And I came to serenade James with this apt description of them: ‘imagine a parallel seventies rock universe if Jimmy Page, John Paul Jones, & John Bonham got so fucking fed up with Robert Plant’s freakin’ shenanigans after the release of their classic fourth album and just decided to kick his arse to the Johnnie Walker empty bottle curb and then turned around to ask guest vocalist Sandy Dennis, who sang a duet with Robert on the song “The Battle of Evermore” to continue as their lead vocalist- that is what Se Delan sort of sounds like.
I don’t exactly know if that stretched out scenario actually grabbed James’ attention, but Se Delan certainly grabbed my attention with their debut album two years ago entitled The Fall with this particular video and single called “Chasing Changes.”
Belinda and her husband Justin Greaves were involved in a previous band together called Crippled Black Phoenix of which some of its’ back catalogue is now readily available on K-Scope Music. However, Se Delan is a personal project of theirs meshing together their mutual interests of music, life, and film. Their new album Drifter is a fascinating collection of songs that look at the hollowing descent into mental madness.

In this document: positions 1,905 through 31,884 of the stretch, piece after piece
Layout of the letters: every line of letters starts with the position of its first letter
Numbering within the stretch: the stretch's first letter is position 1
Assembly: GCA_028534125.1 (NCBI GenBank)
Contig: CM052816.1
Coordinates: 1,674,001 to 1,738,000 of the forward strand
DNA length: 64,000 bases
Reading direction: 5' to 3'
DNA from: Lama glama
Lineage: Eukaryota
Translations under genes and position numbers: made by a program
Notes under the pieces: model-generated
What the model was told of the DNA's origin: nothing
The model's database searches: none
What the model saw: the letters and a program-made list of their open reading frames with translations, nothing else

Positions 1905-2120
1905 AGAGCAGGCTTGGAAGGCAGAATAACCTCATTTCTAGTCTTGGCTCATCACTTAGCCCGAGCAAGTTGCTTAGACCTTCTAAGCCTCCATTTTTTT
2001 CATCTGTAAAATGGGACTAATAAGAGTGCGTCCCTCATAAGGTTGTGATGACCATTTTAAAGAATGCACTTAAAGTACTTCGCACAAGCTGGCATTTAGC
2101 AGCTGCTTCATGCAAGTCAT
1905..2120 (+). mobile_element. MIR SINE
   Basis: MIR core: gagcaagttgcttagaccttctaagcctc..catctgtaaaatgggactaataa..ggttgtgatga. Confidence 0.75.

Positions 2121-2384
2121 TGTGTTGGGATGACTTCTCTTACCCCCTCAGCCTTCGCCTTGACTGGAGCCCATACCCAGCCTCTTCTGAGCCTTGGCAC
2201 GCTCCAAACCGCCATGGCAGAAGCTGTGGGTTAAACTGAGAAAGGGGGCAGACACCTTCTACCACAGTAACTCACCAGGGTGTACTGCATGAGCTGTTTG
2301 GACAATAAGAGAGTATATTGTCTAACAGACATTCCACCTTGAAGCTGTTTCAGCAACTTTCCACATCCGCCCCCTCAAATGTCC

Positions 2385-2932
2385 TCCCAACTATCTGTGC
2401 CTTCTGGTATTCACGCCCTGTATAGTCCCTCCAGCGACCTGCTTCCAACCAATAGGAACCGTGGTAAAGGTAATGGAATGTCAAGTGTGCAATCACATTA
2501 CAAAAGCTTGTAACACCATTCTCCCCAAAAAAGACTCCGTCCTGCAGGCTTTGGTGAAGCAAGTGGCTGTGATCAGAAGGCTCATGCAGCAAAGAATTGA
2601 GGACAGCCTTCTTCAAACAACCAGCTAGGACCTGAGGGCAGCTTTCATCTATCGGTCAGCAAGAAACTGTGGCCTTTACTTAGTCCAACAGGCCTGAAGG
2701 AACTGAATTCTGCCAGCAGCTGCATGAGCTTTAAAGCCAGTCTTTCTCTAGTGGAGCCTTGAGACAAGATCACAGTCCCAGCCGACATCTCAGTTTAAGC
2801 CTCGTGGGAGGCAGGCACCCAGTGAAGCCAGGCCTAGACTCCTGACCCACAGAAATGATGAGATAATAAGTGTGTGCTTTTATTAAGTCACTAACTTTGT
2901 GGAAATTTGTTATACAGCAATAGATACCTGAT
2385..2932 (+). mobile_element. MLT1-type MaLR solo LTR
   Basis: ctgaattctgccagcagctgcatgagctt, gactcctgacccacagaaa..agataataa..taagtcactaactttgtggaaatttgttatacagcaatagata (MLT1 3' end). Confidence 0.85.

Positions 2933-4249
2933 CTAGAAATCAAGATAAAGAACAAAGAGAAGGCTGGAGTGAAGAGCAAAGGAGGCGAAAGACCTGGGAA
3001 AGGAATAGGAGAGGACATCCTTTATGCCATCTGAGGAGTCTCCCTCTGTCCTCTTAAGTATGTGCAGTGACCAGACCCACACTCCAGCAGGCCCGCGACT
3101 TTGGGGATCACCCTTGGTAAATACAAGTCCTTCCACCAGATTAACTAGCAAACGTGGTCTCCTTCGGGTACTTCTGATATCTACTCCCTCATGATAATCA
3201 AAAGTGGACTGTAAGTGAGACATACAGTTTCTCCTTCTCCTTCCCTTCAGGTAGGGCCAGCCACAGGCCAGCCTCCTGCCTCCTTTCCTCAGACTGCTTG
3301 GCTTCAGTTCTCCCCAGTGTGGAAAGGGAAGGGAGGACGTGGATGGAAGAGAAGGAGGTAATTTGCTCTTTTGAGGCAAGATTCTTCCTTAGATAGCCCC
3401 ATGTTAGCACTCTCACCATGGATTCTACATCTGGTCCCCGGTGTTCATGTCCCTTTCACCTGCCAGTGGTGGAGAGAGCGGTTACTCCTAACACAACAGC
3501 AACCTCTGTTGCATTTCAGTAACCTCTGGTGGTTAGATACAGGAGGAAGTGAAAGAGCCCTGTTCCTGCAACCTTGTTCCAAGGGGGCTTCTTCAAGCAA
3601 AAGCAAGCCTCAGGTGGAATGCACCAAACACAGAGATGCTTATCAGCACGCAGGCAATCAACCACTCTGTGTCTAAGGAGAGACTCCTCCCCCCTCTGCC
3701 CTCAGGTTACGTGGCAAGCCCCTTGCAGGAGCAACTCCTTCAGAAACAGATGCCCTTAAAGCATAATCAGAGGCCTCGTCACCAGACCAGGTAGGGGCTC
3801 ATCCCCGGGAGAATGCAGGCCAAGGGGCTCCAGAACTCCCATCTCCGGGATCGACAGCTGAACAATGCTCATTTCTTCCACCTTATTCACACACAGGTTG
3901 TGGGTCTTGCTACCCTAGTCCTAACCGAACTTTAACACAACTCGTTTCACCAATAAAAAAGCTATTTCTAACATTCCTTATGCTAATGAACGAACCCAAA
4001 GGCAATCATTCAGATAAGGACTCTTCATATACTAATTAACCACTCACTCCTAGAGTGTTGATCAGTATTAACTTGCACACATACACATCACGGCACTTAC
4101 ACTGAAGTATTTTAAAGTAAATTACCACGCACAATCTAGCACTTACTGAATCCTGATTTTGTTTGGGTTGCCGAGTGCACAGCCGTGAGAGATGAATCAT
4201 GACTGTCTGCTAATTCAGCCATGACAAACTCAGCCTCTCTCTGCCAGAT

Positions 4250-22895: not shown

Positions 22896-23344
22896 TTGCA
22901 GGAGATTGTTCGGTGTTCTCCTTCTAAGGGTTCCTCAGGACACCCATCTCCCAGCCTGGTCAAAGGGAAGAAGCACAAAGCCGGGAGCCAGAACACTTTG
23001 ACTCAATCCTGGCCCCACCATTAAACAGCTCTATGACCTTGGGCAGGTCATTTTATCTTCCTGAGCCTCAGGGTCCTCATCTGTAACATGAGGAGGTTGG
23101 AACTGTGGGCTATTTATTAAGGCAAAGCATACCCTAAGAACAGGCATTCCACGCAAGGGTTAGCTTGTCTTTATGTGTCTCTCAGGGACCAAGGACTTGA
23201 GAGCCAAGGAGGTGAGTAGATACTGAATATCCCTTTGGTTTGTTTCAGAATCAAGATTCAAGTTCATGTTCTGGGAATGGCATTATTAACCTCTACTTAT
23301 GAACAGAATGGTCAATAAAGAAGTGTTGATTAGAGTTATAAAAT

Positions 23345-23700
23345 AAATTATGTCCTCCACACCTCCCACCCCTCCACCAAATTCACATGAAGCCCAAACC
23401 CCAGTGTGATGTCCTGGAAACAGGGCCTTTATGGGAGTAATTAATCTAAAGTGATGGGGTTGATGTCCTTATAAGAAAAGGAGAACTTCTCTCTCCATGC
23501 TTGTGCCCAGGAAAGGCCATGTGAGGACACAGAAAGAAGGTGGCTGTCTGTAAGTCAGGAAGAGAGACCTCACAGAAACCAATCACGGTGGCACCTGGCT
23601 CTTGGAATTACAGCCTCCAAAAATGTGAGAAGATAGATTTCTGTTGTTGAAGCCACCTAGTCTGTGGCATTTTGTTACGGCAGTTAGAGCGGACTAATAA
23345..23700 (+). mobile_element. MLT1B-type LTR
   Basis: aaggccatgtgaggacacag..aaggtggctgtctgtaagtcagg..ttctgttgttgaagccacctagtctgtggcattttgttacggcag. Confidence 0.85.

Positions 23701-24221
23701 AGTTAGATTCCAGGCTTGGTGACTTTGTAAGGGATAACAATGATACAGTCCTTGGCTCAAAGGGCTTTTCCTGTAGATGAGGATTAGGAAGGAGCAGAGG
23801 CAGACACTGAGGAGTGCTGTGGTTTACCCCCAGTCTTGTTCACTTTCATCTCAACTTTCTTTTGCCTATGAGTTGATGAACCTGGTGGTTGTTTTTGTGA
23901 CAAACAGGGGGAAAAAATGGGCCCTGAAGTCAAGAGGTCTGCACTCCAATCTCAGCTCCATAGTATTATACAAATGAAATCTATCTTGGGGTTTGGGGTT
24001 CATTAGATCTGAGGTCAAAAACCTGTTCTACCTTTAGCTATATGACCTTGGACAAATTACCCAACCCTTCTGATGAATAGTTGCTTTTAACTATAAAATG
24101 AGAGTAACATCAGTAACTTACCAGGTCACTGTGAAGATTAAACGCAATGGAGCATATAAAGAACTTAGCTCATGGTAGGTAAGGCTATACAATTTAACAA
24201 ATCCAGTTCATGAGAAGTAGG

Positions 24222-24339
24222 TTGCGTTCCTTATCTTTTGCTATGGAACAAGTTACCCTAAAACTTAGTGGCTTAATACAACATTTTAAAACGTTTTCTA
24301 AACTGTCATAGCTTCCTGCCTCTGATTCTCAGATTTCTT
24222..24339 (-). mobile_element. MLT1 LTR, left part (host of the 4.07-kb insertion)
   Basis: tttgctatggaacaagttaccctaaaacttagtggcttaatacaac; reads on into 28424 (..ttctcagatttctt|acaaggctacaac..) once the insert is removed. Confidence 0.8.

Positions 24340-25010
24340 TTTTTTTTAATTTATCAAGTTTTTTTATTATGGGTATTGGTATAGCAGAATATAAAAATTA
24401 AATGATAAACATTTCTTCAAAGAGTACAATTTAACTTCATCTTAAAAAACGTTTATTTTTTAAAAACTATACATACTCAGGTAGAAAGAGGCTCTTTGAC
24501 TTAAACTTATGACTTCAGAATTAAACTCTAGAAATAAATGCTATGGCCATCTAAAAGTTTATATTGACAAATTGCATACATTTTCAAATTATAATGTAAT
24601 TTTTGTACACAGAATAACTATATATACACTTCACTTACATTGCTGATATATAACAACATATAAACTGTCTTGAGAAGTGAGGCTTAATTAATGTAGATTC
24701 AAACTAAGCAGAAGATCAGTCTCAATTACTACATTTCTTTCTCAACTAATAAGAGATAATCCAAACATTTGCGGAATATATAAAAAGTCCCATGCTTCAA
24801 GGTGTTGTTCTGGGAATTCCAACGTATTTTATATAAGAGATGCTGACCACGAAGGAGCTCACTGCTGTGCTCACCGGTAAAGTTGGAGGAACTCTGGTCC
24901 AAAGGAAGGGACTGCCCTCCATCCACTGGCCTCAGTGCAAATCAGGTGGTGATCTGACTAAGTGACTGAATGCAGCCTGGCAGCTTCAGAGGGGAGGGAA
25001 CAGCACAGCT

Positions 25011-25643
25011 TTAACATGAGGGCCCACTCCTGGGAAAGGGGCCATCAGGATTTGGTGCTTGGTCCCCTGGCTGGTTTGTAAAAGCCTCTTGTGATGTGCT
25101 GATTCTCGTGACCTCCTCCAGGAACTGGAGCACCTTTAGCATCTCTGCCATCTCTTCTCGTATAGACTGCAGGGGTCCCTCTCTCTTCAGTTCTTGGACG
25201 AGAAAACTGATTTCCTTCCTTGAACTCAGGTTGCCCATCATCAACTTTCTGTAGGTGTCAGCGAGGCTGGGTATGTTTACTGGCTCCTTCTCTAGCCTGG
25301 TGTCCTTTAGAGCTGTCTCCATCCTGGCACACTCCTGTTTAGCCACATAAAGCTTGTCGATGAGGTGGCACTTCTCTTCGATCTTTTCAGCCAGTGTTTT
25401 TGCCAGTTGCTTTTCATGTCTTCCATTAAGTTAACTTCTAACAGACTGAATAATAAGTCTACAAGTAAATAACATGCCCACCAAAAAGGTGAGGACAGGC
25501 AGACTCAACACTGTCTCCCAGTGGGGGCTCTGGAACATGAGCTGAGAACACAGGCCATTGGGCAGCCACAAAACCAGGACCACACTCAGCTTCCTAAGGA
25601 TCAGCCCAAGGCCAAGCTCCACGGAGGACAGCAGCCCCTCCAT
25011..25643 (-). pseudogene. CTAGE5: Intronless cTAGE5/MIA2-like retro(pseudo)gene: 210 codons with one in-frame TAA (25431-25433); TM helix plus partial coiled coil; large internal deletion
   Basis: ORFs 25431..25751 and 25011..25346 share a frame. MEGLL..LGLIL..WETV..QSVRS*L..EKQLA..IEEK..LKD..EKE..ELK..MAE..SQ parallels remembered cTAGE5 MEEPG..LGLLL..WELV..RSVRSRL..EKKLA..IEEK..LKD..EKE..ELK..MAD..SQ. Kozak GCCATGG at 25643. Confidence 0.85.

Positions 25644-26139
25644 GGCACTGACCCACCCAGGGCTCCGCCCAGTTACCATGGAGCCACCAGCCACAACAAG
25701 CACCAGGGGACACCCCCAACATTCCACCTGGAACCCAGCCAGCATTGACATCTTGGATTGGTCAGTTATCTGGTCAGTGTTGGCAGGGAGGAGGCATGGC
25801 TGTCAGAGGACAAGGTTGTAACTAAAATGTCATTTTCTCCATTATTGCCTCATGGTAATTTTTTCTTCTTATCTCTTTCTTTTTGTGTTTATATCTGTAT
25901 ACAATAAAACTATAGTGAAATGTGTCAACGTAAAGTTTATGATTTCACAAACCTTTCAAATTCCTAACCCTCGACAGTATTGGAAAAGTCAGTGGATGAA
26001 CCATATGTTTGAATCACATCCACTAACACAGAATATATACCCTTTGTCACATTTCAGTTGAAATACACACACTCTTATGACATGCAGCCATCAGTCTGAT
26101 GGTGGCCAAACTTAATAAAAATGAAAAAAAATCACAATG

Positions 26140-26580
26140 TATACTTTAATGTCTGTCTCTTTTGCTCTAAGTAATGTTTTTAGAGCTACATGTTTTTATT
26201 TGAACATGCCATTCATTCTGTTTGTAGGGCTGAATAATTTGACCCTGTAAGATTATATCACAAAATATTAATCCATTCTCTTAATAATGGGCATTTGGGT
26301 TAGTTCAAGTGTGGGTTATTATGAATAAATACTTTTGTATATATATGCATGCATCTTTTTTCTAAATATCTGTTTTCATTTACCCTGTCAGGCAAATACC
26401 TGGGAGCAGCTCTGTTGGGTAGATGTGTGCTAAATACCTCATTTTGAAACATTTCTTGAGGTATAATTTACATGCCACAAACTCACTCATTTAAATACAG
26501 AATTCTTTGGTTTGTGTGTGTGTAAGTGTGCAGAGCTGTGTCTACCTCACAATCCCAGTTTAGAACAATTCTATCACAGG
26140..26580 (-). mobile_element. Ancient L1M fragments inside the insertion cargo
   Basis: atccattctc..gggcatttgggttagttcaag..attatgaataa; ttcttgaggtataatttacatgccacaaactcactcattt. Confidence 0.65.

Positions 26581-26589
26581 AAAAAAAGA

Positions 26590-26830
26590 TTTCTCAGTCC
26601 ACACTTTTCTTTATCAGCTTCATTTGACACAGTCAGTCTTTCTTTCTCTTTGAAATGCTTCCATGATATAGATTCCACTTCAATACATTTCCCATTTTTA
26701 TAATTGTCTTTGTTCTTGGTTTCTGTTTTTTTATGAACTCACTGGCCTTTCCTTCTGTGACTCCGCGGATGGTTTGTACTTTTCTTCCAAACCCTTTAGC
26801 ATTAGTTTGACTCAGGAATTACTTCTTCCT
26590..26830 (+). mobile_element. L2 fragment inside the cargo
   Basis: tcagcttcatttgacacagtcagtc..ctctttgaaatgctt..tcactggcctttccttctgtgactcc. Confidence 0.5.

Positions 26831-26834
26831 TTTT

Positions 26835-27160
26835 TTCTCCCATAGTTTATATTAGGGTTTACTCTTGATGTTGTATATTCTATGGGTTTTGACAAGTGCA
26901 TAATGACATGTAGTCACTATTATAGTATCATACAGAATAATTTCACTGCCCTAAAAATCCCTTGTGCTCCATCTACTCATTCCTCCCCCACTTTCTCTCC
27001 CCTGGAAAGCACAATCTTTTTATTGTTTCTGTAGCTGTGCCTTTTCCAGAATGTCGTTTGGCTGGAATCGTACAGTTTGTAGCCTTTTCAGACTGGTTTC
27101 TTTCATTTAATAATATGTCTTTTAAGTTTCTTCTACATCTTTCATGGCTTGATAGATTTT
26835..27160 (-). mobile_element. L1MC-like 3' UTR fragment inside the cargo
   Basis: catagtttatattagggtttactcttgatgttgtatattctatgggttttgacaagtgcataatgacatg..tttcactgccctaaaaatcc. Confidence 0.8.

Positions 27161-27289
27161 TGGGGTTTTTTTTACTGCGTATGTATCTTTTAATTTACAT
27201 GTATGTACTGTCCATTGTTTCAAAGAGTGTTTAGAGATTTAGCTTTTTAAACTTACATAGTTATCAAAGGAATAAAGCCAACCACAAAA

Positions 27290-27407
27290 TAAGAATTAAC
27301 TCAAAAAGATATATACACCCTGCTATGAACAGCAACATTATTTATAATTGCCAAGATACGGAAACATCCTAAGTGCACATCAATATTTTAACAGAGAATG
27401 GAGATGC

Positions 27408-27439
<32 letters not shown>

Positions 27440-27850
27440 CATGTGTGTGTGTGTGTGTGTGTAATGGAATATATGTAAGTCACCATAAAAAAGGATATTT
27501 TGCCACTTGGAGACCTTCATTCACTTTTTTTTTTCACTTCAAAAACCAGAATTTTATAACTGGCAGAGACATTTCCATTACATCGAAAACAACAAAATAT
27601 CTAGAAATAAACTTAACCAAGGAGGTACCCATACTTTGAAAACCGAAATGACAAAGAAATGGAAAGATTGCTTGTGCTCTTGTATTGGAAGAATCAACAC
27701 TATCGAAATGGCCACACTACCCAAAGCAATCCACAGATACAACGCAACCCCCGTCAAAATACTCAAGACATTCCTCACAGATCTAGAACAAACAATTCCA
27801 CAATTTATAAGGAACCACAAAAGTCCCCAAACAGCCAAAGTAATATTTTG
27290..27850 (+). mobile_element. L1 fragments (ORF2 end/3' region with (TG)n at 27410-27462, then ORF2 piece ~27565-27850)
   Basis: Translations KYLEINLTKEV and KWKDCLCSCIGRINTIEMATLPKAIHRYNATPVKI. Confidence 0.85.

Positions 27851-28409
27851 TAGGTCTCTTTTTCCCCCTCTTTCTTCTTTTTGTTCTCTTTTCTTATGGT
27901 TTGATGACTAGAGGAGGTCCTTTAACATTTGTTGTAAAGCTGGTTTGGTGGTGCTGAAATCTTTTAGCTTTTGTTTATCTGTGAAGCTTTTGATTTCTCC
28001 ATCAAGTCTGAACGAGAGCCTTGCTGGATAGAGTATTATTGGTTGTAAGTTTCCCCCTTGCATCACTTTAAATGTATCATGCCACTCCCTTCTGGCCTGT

3. Catherine Anne Davies. (Simple Minds, The Anchoress, Paul Draper) is a relatively new girl on the block, but she seems to have racked up plenty of kudos during her freshman tenure so far with last January’s release of her debut Confessions of A Romance Novelist under the guise of The Anchoress which is getting a ton of glowing reviews and has been compared by NPR as Wales’ answer to Lana Del Rey. She spent most of last year as a touring side guitarist and auxiliary keyboardist for long time new wave stalwarts Simple Minds and also has worked with the likes of both Peter Murphy and the London Symphony Orchestra. Former Mansun lead singer Paul Draper produced Catherine’s debut disc and it sold so well, that a second release is more than imminent in the near future. In return, Catherine helped Draper with some of his songs for a forthcoming solo album, some have which now appear on Draper’s brand new EP debut. aptly titled “EP ONE“of which his debut single “Feeling My Heart Run Slow” from the EP ONE is charting well, and also features a collaboration with Steven Wilson on a track called “No Idea“.
Multi-instrumentalist, songwriter, PhD and producer Catherine Anne Davies (aka The Anchoress) sums up her debut album’s overall concept as “deconstructing normative ideas of love and romance”, with each song sung by a different character – “what you might call a musical ghost writing of sorts”. You can hear this distilled in the Prince-inspired feminist manifesto ‘One For Sorrow’ that questions the concept of marriage. There’s a different take on infatuated obsession in the album’s title track, whereas the album’s narrator ironically references her “bedroom shrine to Margaret Thatcher”. Meanwhile, ‘You And Only You’ – an anthemic ode to being better off alone – features the distinctive operatic indie-wail of Mansun’s Paul Draper, who co-produced the album with Catherine.
(Above paragraph was Wikipedia fixed)
By watching the following video, you can immediately tell it’s a tasteful homage to Kate Bush’s first ever video “Wuthering Heights.”